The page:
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Federal courts, including three of the nation’s oldest, recently celebrated anniversaries focusing on the Judiciary’s heritage.

High school students sound off on Constitutional issues that matter to them in a video commemorating Bill of Rights Day, which occurs Dec. 15.  In this 2.5-minute video, students relate specific Amendments to their personal experiences and deeply held beliefs.

The nation's first-ever federal court session, held in November 1789, is honored at a Manhattan ceremony, as shown in a newly released Judiciary Now video

A new video shows scenes from a memorable day in which the Judiciary naturalized 8,500 new citizens in a coast-to-coast celebration of Constitution Day and Citizenship Day.

In a first for the federal Judiciary, America’s newest citizens are being invited to join an annual celebration of Constitution Day and Citizenship Day, by taking part in more than two dozen naturalization ceremonies that will be held from Maine to Alaska on Sept. 17 and 18.

In celebration of July Fourth, citizens, attorneys and federal judges from across the country reflect on what independence means and how the U.S. courts protect their freedoms. In a brief video, participants from Washington, New York City and San Francisco also share their thoughts on two key phrases from the Declaration of Independence: "All men are created equal," and "Life, Liberty and the Pursuit of Happiness."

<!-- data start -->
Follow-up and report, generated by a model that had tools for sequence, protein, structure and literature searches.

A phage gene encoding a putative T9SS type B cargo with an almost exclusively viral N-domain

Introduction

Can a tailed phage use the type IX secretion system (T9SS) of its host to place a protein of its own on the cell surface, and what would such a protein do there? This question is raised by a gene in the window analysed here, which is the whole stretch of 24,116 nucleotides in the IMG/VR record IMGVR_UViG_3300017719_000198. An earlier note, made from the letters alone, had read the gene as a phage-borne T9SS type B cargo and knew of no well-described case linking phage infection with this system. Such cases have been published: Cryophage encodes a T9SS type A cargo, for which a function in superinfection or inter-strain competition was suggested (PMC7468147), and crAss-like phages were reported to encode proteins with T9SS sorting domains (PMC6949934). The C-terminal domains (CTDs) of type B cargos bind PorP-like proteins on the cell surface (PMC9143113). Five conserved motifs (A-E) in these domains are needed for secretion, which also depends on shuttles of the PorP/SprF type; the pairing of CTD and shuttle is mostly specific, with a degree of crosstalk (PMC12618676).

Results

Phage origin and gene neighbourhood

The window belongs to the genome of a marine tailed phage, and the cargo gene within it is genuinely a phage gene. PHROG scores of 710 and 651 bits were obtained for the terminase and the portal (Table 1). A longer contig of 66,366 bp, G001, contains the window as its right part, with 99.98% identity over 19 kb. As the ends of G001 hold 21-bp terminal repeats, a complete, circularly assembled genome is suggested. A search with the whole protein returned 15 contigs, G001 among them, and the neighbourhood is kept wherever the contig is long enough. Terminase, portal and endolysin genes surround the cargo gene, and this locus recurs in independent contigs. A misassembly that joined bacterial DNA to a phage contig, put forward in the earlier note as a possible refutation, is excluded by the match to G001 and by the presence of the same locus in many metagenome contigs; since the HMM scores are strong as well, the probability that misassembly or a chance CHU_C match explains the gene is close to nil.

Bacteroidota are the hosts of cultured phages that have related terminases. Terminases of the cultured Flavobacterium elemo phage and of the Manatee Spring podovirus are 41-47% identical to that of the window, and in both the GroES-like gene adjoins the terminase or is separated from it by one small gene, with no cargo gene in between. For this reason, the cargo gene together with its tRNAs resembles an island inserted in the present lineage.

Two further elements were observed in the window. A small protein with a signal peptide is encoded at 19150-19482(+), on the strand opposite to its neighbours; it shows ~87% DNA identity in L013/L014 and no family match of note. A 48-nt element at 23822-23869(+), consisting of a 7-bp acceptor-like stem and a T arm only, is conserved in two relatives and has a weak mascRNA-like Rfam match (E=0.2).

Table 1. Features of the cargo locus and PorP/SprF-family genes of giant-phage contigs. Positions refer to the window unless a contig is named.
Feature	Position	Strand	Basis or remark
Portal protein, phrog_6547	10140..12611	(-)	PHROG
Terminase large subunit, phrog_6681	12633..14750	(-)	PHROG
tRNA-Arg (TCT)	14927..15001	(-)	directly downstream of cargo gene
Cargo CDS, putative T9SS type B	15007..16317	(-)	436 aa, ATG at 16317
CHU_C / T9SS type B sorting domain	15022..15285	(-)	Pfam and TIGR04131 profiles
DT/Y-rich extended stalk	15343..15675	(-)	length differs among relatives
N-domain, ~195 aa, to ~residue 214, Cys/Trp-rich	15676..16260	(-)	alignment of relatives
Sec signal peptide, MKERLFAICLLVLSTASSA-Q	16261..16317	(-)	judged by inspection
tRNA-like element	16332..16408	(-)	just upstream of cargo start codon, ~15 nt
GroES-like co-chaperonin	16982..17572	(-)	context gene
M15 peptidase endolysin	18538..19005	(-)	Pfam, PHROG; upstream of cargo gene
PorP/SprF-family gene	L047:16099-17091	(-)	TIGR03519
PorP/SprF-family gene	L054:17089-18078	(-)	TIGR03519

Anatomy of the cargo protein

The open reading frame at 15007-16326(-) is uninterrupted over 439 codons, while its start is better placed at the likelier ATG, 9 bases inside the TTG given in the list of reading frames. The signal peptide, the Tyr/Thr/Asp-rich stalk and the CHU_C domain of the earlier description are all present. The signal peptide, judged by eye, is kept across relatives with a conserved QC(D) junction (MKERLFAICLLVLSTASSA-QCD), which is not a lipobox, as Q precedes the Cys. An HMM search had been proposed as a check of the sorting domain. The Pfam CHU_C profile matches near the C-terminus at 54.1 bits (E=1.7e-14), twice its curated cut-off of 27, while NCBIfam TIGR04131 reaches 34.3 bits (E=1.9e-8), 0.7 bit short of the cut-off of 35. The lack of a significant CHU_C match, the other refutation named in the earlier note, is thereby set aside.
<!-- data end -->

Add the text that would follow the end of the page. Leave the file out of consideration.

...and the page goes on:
In celebration of the 225th anniversary of the Federal Judiciary Act of 1789, the Federal Judges Association and the Federal Bar Association have teamed up to sponsor a nationwide essay contest for high school students.

With May 17 approaching as the 60th anniversary of the Brown v. Board of Education decision, the U.S. Courts website has resources to commemorate the landmark ruling that ended segregation in public education.

A new federal courthouse in Yuma, Ariz., named for slain U.S. District Chief Judge John M. Roll, was formally dedicated in a ceremony on April 24, 2014.

In the mid-1940s, Judge J. Waties Waring from South Carolina had an epiphany that shook his life, his state, and American racial history. Segregation, he concluded, was not just wrong, but unlawful. On April 11, Judge Waring’s legacy was reclaimed, with a statue honoring his memory.

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